Troubles (Empire Trilogy) (Paperback)
NYRB Classics, 9781590170182, 480pp.
Publication Date: October 31, 2002
Other Editions of This Title:
Compact Disc, Abridged (7/29/2010)
Winner of the Lost Man Booker Prize, this darkly hilarious book about the Irish war for independence takes place in a crumbling hotel on Ireland's west coast, a place where madness and brutality have begun to reign.
1919: After surviving the Great War, Major Brendan Archer makes his way to Ireland, hoping to discover whether he is indeed betrothed to Angela Spencer, whose Anglo-Irish family owns the once-aptly-named Majestic Hotel in Kilnalough. But his fiancée is strangely altered and her family's fortunes have suffered a spectacular decline. The hotel's hundreds of rooms are disintegrating on a grand scale; its few remaining guests thrive on rumors and games of whist; herds of cats have taken over the Imperial Bar and the upper stories; bamboo shoots threaten the foundations; and piglets frolic in the squash court. Meanwhile, the Major is captivated by the beautiful and bitter Sarah Devlin. As housekeeping disasters force him from room to room, outside the order of the British Empire also totters: there is unrest in the East, and in Ireland itself the mounting violence of "the troubles."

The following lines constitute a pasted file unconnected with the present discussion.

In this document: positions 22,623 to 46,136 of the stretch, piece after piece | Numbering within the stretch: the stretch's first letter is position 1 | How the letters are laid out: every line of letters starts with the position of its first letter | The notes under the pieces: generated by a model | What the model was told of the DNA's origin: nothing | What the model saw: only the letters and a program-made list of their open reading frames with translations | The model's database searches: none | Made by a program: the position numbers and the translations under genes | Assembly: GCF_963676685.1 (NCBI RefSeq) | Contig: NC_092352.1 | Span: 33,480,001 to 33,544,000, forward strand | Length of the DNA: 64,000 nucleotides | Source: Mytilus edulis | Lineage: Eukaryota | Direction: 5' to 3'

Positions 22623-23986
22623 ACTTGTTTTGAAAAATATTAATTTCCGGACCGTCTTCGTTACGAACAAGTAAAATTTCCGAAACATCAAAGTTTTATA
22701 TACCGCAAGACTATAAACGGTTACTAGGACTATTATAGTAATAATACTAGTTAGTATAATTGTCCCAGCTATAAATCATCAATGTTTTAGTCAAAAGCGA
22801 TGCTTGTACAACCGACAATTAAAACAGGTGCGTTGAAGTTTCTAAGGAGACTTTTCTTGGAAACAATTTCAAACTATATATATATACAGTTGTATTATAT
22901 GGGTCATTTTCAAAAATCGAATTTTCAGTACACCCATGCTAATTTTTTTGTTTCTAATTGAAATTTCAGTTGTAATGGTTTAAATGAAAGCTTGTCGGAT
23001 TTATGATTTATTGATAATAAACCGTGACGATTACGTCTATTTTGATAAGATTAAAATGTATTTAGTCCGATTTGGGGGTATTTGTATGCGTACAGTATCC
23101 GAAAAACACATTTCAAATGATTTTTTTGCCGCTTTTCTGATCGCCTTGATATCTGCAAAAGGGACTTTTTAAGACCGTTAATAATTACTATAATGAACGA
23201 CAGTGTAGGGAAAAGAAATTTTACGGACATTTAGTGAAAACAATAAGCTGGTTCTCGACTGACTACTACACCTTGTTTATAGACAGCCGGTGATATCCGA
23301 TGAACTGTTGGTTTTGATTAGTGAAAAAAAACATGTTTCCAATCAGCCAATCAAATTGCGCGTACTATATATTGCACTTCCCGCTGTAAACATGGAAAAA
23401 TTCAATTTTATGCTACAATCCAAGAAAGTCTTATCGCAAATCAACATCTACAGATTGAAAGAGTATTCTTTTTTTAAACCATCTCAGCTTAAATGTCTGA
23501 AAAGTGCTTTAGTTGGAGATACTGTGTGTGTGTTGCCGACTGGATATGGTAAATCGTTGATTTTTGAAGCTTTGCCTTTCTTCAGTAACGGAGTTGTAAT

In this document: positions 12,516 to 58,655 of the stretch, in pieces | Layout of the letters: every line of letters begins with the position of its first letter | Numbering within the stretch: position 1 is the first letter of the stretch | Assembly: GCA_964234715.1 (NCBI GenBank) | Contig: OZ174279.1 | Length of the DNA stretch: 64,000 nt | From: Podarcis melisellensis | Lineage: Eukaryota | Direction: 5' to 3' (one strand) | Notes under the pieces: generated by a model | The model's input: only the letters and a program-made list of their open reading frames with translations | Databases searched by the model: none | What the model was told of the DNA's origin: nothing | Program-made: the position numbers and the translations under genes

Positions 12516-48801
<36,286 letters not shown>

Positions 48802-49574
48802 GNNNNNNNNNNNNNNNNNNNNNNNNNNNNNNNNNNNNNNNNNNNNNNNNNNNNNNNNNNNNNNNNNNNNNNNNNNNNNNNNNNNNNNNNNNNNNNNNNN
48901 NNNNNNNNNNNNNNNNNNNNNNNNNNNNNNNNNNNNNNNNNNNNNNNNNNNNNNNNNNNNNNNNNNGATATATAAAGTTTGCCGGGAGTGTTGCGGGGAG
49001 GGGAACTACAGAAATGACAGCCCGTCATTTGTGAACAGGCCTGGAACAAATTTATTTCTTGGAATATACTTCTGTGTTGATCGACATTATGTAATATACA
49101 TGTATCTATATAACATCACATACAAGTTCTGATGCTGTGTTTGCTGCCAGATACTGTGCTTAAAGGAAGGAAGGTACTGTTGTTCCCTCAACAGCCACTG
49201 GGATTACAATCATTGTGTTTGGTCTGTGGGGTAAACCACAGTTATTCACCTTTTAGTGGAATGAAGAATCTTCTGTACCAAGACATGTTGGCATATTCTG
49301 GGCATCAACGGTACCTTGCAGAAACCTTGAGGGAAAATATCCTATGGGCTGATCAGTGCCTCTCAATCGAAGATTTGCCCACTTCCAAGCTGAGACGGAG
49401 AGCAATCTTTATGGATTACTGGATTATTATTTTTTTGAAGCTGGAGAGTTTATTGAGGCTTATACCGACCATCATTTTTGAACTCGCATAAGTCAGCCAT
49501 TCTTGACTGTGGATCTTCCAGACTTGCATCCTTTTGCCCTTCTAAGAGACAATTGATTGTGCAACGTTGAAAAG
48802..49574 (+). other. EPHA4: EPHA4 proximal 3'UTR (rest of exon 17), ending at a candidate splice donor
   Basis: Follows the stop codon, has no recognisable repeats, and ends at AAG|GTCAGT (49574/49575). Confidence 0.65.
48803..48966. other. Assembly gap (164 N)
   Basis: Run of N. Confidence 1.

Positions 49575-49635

Troubles is a hilarious and heartbreaking work by a modern master of the historical novel.
About the Author
John Banville was born in Wexford, Ireland, in 1945. He is the author of many novels, including The Book of Evidence, The Untouchable, and Eclipse. Banville’s novel The Sea was awarded the 2005 Man Booker Prize. His most recent book is Mrs. Osmond. On occasion he writes under the pen name Benjamin Black.
Praise For Troubles (Empire Trilogy)…
— Times Literary Supplement
A tour de force … sad, tragic, also very funny.
— The Guardian
Farrell wrote superbly; all his books had a quality that hallmarks great literary talent—he could “do” texture. This album—which is what Troubles feels like—records the same Anglo-Irish as Elizabeth Bowen knew and belonged to. As with Bowen, this feels like the real thing (which is all a novel has to do). Always judge a writer by his grasp of what he doesn’t know: Farrell died young yet his old people are almost his best creations.
— Frank Delaney, The Guardian